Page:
Who's Who in Internet and Computer Technology
| Daines, Bernard
|| Daines is widely recognized as instrumental in pioneering Ethernet technology, especially the IEEE standards for Fast Ethernet and Gigabit Ethernet networking technology. In 1992, Daines co-founded Grand Junction Networks, a Fast Ethernet switch manufacturer that sold to Cisco Systems in 1995. In 1994, he founded Packet Engines, a Gigabit Ethernet routing switch manufacturer that was sold to Alcatel in 1998. In 2000, he launched World Wide Packets to develop the first cost-effective and future-proof solution for optical broadband connectivity. In 2002, Daines was elected chairman of the board of Linux NetworX.
| Dell, Michael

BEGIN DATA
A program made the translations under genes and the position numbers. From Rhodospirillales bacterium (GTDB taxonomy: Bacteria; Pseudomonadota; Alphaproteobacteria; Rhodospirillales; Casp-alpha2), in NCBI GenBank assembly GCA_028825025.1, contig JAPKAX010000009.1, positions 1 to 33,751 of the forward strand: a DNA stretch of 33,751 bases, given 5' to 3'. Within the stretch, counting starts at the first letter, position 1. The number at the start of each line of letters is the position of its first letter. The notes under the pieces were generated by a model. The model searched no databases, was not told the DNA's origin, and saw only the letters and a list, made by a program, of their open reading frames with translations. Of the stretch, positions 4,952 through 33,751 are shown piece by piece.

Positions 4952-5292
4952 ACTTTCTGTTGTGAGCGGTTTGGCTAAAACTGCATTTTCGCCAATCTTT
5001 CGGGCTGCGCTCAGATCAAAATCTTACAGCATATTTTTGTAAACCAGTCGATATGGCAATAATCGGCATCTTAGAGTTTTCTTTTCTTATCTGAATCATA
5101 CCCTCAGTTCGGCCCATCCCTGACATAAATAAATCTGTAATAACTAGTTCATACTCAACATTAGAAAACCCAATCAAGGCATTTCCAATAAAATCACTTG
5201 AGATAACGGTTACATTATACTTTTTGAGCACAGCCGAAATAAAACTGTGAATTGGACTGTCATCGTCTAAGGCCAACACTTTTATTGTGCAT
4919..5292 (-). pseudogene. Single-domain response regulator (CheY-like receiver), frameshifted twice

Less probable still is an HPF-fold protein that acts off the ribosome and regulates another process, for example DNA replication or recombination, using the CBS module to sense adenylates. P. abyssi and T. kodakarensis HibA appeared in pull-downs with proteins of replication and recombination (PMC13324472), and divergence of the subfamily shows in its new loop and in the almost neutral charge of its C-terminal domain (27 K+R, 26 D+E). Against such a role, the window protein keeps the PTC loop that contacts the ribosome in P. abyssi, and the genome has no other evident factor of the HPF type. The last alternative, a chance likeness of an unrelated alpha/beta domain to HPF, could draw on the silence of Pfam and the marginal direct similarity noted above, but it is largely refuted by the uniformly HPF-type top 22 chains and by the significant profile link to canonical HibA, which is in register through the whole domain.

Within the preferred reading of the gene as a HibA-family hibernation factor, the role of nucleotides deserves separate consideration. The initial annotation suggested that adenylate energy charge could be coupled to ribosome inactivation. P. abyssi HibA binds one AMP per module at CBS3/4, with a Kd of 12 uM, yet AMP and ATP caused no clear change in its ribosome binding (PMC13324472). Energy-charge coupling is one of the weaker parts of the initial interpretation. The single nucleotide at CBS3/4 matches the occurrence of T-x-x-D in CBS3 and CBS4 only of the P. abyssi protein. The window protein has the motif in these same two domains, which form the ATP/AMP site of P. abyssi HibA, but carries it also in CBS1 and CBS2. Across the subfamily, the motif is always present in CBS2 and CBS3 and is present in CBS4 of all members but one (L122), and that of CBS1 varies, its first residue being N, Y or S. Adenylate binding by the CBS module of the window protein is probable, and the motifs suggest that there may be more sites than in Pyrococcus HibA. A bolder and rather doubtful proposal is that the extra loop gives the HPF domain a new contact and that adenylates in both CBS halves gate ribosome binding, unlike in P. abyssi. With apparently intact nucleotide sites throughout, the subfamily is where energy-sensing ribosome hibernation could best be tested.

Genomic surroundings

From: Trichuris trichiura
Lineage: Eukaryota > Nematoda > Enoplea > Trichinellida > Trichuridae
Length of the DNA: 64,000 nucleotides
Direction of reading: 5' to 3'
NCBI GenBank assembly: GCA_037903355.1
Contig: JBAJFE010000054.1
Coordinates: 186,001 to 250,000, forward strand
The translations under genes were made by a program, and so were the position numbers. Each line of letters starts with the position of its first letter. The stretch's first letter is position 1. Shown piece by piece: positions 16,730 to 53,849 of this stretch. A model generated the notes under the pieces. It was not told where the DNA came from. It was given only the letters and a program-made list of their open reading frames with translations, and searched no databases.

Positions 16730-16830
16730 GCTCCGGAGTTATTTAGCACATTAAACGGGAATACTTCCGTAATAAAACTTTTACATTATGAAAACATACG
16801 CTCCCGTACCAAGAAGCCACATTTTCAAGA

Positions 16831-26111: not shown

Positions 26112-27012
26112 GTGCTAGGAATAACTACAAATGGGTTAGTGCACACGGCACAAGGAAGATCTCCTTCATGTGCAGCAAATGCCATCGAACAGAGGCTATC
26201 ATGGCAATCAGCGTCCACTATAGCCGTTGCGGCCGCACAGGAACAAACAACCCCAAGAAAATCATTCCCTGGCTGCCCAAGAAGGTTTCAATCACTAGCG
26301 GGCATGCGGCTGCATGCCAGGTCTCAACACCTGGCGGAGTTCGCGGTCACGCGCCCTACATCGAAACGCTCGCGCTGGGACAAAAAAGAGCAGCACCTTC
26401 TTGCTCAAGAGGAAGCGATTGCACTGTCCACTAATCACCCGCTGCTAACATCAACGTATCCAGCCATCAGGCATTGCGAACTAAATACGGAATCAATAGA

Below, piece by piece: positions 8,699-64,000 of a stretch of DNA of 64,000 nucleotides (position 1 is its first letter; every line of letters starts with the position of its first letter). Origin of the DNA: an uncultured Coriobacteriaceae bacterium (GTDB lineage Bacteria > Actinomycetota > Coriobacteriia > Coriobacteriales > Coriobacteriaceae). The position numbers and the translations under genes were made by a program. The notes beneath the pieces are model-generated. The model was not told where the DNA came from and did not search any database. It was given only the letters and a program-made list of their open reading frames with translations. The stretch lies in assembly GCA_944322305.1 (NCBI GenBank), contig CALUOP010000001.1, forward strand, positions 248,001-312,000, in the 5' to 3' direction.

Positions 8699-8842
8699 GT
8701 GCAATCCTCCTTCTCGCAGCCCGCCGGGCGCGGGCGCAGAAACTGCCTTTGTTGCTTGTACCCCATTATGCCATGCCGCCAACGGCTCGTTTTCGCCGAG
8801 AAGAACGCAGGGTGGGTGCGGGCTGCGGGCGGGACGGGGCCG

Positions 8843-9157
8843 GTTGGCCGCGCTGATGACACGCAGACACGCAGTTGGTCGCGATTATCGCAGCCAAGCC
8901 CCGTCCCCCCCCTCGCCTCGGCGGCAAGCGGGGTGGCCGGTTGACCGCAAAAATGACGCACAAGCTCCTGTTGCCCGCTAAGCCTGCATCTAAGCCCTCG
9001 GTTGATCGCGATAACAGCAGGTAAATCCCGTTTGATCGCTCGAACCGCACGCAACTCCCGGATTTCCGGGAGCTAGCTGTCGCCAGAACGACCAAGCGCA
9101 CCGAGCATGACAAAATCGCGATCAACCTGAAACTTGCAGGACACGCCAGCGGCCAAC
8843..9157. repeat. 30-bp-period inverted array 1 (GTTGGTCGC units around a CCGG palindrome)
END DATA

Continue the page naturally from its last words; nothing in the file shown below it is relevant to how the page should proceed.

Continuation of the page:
|| Dell founded Dell Computer Corporation in 1984 out of his college dormitory with only $1000. Today, Dell is one of the leading computer manufacturers in the U.S. He is a member of the executive committee of the World Business Council, a vice chairman of the U.S. Business Council, and the chairman of the Computer Systems Policy Project, an affiliation of CEOs from top computer companies that advocates public policy positions on trade and technology affecting the computer industry. He also serves on the U.S. President's Council of Advisors on Science and Technology.
| Dijkstra, Edsger
|| 1930(b.)-2002(d.) In 1956, Dijkstra developed the "shortest-path algorithm," later to be known as the Dijkstra algorithm, which was an algorithm to find the best way to travel between two points. In the early 1960s, Dijkstra applied the idea of mutual exclusion to communications between a computer and its keyboard, an idea that was adopted after 1964 in most processors and memory boards after IBM used it in its 360 architecture.
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